Elliott Wave Principles – Basic Tenets

Ralph Nelson Elliott noticed in 1930s that the up-and-down movements in the stock market prices have identifiable patterns. Based upon this observations he deduced a wave structure that he named The Wave Principle and published a book in 1938 detailing it. Now it is known as Elliott Wave Principle. After Elliott’s death in 1948, many people worked on his principle and made it more popular and accepted by ordinary investors. At present, no one is more famous as its proponent than Robert R. Prechter Jr., who, along with A. J. Frost, published Elliott Wave Principle in 1978. The following is primarily based upon Prechter and Frost. Elliott (and Prechter) stated various rules and guidelines for wave analysis. A rule should never be disregarded whereas a guideline is a characteristic of wave that may be violated.

Wave Mode

Market’s progression unfolds in waves, which are patterns of directional movement. There are two modes of wave development:

  1. Motive Waves (Impulse): This has a five-wave structure and they are the primary driver of the market direction. These are denoted by numbers 1, 2, 3, 4 and 5 or Roman numerals I,II, III, IV and V
  2. Corrective Waves (Zig-Zag): This is a three-wave structure and they retrace the motive waves. These are denoted by alphabets A, B and C
  • One complete cycle consists of eight waves – a five-wave Motive phase and a three-wave corrective phase.
  • Motive waves do not always point upwards and corrective waves do not always move down
  • All waves are categorized by relative size or degree. A smaller duration motive wave would be contained within a larger duration motive wave

The Five-Wave Pattern

  • Motive mode take the form of five waves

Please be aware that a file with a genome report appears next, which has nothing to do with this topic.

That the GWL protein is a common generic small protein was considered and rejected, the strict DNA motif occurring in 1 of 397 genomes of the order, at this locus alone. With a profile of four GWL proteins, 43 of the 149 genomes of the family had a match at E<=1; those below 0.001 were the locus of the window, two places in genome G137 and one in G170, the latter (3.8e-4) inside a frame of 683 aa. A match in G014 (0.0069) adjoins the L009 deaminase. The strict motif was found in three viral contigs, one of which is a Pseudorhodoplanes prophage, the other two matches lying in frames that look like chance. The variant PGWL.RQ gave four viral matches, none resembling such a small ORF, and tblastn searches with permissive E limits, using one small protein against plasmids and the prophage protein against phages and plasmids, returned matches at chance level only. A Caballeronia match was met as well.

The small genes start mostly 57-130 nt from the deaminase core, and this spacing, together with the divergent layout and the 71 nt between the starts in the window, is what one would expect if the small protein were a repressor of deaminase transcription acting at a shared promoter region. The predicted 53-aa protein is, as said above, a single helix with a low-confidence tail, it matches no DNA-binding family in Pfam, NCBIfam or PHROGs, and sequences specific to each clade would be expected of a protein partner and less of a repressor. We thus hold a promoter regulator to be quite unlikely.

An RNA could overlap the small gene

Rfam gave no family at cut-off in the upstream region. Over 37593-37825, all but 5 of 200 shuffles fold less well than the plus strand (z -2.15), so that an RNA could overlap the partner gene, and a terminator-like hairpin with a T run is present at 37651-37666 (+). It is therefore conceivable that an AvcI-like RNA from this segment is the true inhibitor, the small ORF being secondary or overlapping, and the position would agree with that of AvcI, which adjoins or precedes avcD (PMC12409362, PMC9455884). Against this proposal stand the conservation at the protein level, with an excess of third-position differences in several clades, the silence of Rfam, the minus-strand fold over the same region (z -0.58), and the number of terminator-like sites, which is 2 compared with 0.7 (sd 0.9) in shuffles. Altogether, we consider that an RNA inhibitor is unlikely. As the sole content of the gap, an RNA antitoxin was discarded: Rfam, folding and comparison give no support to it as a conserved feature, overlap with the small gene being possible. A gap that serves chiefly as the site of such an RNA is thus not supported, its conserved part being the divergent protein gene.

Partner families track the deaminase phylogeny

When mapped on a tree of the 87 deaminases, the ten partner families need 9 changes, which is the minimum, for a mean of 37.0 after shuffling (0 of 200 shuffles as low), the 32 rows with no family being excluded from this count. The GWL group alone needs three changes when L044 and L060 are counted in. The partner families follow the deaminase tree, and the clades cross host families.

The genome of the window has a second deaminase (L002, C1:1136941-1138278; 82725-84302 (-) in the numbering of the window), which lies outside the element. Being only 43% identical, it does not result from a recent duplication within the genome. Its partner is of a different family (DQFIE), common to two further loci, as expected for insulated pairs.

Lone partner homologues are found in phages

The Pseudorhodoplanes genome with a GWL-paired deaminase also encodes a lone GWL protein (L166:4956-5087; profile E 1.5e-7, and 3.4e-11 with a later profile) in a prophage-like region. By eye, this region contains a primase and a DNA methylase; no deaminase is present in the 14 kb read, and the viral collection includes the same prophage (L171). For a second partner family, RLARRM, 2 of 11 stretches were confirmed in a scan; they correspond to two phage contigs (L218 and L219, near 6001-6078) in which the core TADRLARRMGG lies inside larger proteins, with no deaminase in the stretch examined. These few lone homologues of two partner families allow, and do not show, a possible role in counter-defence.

• Three waves, which are labeled 1, 3, and 5 effect the directional movement
  • Waves 2 and 4 are countertrend interruptions
  • Rules:
    • Wave 2 never moves beyond the start of wave 1 – i.e. wave 2 never retraces more than 100% of wave 1
    • Wave 4 never enters the price territory of wave 1 – i.e. these two waves never overlap
    • Wave 3 is never the shortest – usually it is the largest one

Wave Function

Every wave serves one of two functions:

  1. Action: These are trend waves and are in the same direction as the wave of one larger degree of which it is a part
  2. Reaction: These are countertrend waves that moves in opposition to the trend of larger degree wave

Action waves are labeled with odd numbers and letter – 1, 3, 5, A and C whereas the reactionary waves are labeled with even number – 2, 4, and b. All reactionary waves develop in corrective mode. Most action waves occur in motive mode but some form in corrective phase too.

Wave Equality

One of the guidelines of the Wave Principle is that two of the motives waves in a five-wave sequence are of same duration and magnitude.

(To be contd.)

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